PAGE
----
(Note: This article was first published, in a slightly different form, as part of a post at Open Source Musings and appears here via a CC BY-SA 4.0 license.)
Hands up if you remember the days when the keyboard ruled the computing world. When the mouse was considered a frill, a toy. Sometimes, I wonder how we every used computers before the advent of the mouse. It's made computing so much easier for so many people. Why memorize a bunch of arcane commands when you can point and click?
But you know what? Sometimes, a mouse just gets in your way.
More than a handful of people work better with just their keyboards — which explains the popularity of text editors like Emacs and vim in some circles. I can understand the appeal of working with only a keyboard, though. Using combinations of keystrokes and navigation keys makes some people more efficient and more productive, even in a graphical environment.
One task that lends itself quite well to being keyboard driven is taking notes. To prove that, let's take at nimblenote. It's a note taking tool for the Linux, Mac, and Windows desktops that work better with just a keyboard.
Whether it actually does or not, nimblenote seems to take its cue from nvALT (an open source note taking tool for Mac OS). While nimblenote is a bit more stripped down than nvALT, it's still effective.
You install by downloading an installer for your operating system. If you're using Linux, you can also install it with something called a Snap package.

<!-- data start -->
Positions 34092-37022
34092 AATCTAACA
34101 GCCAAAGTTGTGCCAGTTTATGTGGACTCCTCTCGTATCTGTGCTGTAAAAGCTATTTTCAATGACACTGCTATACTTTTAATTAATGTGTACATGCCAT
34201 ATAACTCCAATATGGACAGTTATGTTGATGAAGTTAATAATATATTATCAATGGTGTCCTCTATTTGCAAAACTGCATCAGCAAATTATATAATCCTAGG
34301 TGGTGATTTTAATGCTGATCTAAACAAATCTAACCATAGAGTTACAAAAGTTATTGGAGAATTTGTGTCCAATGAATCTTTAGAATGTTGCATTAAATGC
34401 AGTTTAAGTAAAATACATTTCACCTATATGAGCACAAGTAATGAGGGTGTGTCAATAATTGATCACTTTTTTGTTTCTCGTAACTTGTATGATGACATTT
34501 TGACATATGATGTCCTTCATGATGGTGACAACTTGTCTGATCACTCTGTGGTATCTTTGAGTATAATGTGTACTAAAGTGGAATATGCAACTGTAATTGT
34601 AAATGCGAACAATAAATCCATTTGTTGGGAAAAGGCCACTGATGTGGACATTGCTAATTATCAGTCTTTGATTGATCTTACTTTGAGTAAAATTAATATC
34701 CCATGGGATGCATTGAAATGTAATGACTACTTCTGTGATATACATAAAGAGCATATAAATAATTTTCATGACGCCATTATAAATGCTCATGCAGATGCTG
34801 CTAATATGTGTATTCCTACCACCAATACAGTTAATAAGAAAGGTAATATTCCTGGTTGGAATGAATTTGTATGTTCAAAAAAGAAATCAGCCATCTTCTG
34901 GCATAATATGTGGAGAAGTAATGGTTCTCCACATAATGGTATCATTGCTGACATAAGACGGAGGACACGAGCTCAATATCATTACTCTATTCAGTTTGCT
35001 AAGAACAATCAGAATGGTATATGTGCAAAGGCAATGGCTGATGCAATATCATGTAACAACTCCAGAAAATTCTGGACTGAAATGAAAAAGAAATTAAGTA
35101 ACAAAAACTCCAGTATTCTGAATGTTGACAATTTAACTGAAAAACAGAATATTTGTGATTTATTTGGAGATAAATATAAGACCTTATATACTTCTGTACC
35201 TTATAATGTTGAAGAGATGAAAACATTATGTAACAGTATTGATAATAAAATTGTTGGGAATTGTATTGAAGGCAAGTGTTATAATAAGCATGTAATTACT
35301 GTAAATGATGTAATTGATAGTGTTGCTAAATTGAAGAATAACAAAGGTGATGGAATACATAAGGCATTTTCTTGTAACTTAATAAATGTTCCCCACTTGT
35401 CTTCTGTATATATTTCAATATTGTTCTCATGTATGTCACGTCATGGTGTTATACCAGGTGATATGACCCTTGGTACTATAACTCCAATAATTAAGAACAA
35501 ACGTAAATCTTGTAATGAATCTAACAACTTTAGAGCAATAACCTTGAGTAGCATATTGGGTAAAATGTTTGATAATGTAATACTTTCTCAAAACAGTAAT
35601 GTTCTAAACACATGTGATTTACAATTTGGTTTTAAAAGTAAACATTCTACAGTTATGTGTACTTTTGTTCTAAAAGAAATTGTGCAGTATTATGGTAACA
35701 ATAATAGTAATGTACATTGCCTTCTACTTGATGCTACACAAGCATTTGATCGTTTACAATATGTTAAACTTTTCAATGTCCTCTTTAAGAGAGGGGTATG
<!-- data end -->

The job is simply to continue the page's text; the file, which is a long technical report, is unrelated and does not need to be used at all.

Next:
When you first fire it up, nimblenote displays some help text to orient you.
Type the name of your first note in the search box at the top of the window, and then press Enter. From there, start typing. nimblenote automatically saves your note as you type.
You can create notes, task lists, and checklists. Notes, as you've seen, you create by typing in the editor. You create task lists and checklists in the same way:
- [ ]
You can also add links to a note using Markdown link syntax. You can create:
- Links to a website by typing
- Links between notes by typing
[link text](title of note)
nimblenote highlights basic Markdown formatting that you add to a note. It also supports what that developer calls Markdown actions. When you press ALT+Enter while beside an item in a task list or a checklist, or when beside a link, nimblenote marks the checklist item as complete or opens the link, respectively.
When you're finished typing a note, press Esc to go back to the search box. As you accumulate notes, a list of them displays under that search box. If you have a lot of notes, you can type part or all of the name of the one that you want to find in the search box to filter the list.
If there's any glaring feature missing from nimblenote, it's the ability to export your notes to a text file. If that feature's in the app, I can't find it.
nimblenote is simple. It's spare. But it's also fast and efficient. If your note taking needs are simple, or if you just need a good scratchpad, then nimblenote is a good choice.